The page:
Please use this identifier to cite or link to this item: https://ahro.austin.org.au/austinjspui/handle/1/34005
Title: Evaluating an Inquiry-Based Learning Program.
Austin Authors: Nadkarni, Aniket;Costa-Pinto, Rahul;Hensman, Tamishta;Harman, Emily V;Yanase, Fumitaka ;Lister, Bruce G;Nickson, Christopher P;Thomas, Josephine S
Affiliation: Intensive Care
Austin Health
Professional Affairs - Education, College of Intensive Care Medicine, Prahran, Victoria, Australia.
Intensive Care, Alfred Health, Prahran, Victoria, Australia.
Central Adelaide Local Health Network, Royal Adelaide Hospital, Adelaide, Australia.
Issue Date: 1-Dec-2023
Date: 2023
Publication information: Advances in Physiology Education 2023-12-01; 47(4)
Abstract: Background Inquiry-based learning (IBL) is a promising educational framework that is understudied in graduate medical education. Objective To determine participant satisfaction, and engagement with phases of an IBL postgraduate education program. Methods A mixed methods study collected data via survey statements and open-ended responses. The authors included participants attending an Intensive Care Medicine (ICM) IBL program from May to November, 2020. Quantitative outcomes included participants' satisfaction with the IBL format and impact of engagement with IBL on the learning experience. Qualitative outcomes explored determinants of engagement with IBL phases and the impact on the learning experience. Results Of 378 attendees, 167 submitted survey responses (44.2%). There was strong agreement relating to overall satisfaction (93.4%). Responses indicated engagement with 'orientation' (94.6%), 'conceptualization' (97.3%), 'discussion' (91.1%) and 'conclusion' (91.0%), but limited engagement with the 'investigation' phase (48.1%). Greater engagement with IBL phases had positive impacts, with repeat attenders having clearer learning objectives (79.1% vs 56.6%, [p<0.05]) and enhanced learning through collaborative discussion (65.9% vs 48.7%, [p<0.05]). Qualitative analysis showed that ICM learners value active learning principles, clear objectives and a safe environment to expand their "knowledge base". Sessions facilitated "clinically relevant learning", with application of theoretical knowledge. Learners transformed and "reframed their understanding" using the input of others' experiences. Conclusions ICM learners were highly satisfied with the IBL format and reported valuable learning. Participants engaged strongly with all IBL phases except the investigation phase during the sessions. IBL facilitated learners' active construction of meaning, facilitating a constructivist approach to learning.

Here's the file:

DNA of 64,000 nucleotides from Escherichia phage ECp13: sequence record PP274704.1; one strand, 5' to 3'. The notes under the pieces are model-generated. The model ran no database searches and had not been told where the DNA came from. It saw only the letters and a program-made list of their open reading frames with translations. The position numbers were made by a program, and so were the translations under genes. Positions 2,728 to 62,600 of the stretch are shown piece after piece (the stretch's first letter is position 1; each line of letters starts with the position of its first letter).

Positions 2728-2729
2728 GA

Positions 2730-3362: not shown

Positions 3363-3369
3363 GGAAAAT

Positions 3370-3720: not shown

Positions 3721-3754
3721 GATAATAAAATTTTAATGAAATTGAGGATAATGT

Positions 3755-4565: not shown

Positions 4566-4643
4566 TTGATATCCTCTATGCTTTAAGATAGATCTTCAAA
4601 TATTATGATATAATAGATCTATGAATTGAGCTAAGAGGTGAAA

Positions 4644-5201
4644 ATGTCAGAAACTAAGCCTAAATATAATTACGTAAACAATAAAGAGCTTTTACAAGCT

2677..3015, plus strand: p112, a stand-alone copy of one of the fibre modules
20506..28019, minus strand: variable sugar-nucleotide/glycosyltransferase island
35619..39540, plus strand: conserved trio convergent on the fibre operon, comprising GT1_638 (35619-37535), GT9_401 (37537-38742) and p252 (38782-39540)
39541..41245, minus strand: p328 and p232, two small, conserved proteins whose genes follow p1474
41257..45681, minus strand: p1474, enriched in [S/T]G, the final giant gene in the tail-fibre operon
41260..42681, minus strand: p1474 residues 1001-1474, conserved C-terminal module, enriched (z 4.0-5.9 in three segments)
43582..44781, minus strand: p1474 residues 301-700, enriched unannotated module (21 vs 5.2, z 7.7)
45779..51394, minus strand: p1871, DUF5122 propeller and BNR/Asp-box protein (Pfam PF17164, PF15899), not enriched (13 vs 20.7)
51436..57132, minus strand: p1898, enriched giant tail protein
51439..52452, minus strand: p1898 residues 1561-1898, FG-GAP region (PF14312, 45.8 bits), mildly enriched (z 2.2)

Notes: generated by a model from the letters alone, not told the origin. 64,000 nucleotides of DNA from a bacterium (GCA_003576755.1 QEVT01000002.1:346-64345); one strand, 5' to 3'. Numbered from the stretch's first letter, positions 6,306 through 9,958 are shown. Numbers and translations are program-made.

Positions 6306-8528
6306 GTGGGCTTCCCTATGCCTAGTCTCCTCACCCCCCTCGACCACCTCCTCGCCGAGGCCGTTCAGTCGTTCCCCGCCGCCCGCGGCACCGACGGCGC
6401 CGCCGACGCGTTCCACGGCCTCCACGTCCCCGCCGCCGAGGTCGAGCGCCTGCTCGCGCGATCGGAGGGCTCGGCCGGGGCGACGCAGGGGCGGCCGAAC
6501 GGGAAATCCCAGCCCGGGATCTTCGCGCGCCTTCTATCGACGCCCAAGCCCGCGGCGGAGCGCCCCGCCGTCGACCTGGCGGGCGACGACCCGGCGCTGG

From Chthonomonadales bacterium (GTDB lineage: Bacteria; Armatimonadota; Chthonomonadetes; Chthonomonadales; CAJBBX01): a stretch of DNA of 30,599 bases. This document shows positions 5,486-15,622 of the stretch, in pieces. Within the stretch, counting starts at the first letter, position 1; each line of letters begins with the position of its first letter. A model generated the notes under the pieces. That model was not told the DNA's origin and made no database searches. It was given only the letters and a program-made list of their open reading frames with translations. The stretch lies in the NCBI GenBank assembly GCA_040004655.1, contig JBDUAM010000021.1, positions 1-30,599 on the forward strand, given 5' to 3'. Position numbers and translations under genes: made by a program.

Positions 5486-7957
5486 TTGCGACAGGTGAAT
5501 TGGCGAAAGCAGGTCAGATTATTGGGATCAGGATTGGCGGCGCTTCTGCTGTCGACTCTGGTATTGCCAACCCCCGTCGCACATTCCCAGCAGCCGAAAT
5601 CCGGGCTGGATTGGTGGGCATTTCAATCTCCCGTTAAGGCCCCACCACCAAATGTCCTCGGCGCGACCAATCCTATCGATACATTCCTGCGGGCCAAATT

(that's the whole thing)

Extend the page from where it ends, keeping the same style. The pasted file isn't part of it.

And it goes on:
URI: https://ahro.austin.org.au/austinjspui/handle/1/34005
DOI: 10.1152/advan.00050.2023
ORCID: 
Journal: Advances in Physiology Education
PubMed URL: 37823188
ISSN: 1522-1229
Type: Journal Article
Subjects: constructivism
inquiry based learning
intensive care medicine
Appears in Collections:Journal articles

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